The Red Badge of Courage

Stephen Crane

Chapters V–VII

Summary Chapters V–VII

Henry’s second experience of battle further complicates his assumptions about war, as he unexpectedly panics and flees. The egotistic nature of Henry’s mind (which, because it is the only mind in the novel to which the reader has access, represents every soldier’s mind) reveals itself as Henry works desperately to restore his own self-confidence by making irrational justifications. These passages, which Crane wrote in his most sardonic and detached voice, are often quite comic. For example, when Henry imagines that “he had been wronged” by the regiment’s success in the battle after his flight, and when he condemns the victorious soldiers for being too stupid to follow him. This criticism is ironic, given Henry’s belief that fine minds keep men from fighting bravely in battle. The network of naïve assumptions and grandiose self-delusions in Henry’s mind supports him as he struggles to restore his own sense of importance.

This struggle renders Henry far more complex than a merely vain and self-absorbed character. The briefest glimpse of war has challenged Henry’s understanding of his own significance and has shaken the foundations of his deepest beliefs: his understanding of courage, honor, and manhood. This threat to Henry’s faith in his own special and deserving nature opens the way for the most important thematic exploration in the novel: his acknowledgment that the universe does not care whether he lives or dies. Henry realizes that just as the world spins around the anonymous soldier’s dead body, so will it spin around his. This important insight about the relative inconsequentiality of a given life finds representation throughout these three chapters, as in the sun’s gleaming on the trees after the first battle, surprising Henry that “nature had gone tranquilly on with her golden process in the midst of so much devilment.”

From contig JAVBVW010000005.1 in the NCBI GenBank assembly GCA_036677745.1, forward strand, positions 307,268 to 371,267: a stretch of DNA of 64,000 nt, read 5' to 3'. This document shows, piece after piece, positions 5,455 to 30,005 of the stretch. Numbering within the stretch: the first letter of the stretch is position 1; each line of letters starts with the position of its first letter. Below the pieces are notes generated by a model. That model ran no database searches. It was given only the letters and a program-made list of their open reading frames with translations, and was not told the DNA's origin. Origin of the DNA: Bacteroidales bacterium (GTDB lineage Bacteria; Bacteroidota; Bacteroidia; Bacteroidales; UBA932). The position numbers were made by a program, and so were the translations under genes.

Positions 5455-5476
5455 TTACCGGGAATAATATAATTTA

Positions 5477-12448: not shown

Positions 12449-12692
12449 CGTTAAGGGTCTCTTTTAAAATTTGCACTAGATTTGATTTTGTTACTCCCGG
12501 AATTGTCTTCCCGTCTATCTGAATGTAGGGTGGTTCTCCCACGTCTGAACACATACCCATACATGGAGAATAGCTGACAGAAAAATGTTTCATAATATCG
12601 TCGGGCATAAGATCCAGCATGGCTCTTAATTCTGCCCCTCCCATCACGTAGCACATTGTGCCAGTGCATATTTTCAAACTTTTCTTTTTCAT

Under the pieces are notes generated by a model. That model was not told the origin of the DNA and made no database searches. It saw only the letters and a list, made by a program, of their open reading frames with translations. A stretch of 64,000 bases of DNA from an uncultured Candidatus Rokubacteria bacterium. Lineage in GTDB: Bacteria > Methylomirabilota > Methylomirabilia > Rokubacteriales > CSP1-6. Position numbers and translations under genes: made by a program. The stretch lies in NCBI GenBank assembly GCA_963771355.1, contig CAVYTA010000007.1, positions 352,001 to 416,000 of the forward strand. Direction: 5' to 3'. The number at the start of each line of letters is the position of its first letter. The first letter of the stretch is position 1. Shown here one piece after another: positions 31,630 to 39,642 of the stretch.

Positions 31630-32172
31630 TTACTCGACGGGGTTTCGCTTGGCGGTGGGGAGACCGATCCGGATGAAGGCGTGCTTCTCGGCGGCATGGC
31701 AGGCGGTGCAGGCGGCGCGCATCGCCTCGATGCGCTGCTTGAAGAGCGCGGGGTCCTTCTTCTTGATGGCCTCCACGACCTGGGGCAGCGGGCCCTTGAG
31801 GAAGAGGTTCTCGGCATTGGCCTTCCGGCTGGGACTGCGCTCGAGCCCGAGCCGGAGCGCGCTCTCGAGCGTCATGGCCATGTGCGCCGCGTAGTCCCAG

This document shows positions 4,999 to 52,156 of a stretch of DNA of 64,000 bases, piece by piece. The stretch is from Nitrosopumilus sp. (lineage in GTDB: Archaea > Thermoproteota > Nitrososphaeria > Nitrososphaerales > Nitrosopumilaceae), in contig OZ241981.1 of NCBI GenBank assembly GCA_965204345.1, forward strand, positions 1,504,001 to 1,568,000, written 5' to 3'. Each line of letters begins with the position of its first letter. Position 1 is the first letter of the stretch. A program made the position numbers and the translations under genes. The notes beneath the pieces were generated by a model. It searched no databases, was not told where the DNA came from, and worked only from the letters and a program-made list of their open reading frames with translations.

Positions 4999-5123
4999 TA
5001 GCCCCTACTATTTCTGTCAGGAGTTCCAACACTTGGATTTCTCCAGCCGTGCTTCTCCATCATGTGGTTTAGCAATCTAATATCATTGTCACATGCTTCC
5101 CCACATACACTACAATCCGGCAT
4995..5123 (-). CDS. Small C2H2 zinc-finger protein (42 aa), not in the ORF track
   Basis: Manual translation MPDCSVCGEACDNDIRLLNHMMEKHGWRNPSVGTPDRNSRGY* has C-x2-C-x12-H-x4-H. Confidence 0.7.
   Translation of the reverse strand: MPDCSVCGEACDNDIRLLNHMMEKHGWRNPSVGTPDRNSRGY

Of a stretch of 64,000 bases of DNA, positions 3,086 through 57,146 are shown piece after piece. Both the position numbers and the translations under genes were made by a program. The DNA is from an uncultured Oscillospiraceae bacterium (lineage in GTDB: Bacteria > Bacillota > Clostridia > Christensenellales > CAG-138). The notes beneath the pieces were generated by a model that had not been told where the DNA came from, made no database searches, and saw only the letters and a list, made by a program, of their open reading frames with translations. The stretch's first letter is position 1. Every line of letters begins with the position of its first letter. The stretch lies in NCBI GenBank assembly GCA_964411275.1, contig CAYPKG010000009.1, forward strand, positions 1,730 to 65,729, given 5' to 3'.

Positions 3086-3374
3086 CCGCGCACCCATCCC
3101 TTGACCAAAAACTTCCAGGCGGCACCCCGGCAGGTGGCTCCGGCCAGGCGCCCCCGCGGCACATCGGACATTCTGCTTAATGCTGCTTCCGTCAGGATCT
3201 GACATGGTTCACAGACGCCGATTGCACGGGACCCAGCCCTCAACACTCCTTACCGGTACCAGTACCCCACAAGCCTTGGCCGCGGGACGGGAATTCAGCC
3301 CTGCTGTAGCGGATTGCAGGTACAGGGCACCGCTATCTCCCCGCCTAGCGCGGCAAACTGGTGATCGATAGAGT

The corpse is one of the most important metaphors in the early part of the novel, symbolizing both the finality of death and the indifference of nature to the elimination of a human consciousness. Rooted, immobile, and swarming with ants, the corpse is an undeniable part of the scenery. No amount of mediation on courage or investigation into whether the dead soldier lived honorably will change the essential, inescapable fact of his death—neither his deeds nor his reputation matter. The sight of the dead soldier undoes the comfortable moral assumption that the squirrel’s flight from danger affords Henry, and shows him that his logic has been too simple: there may be no compass of right and wrong to which he might cling in this situation, no overriding moral truth fundamental to the nature of the universe. Henry learns that death may simply be death and that the universe may not care about his fear of it.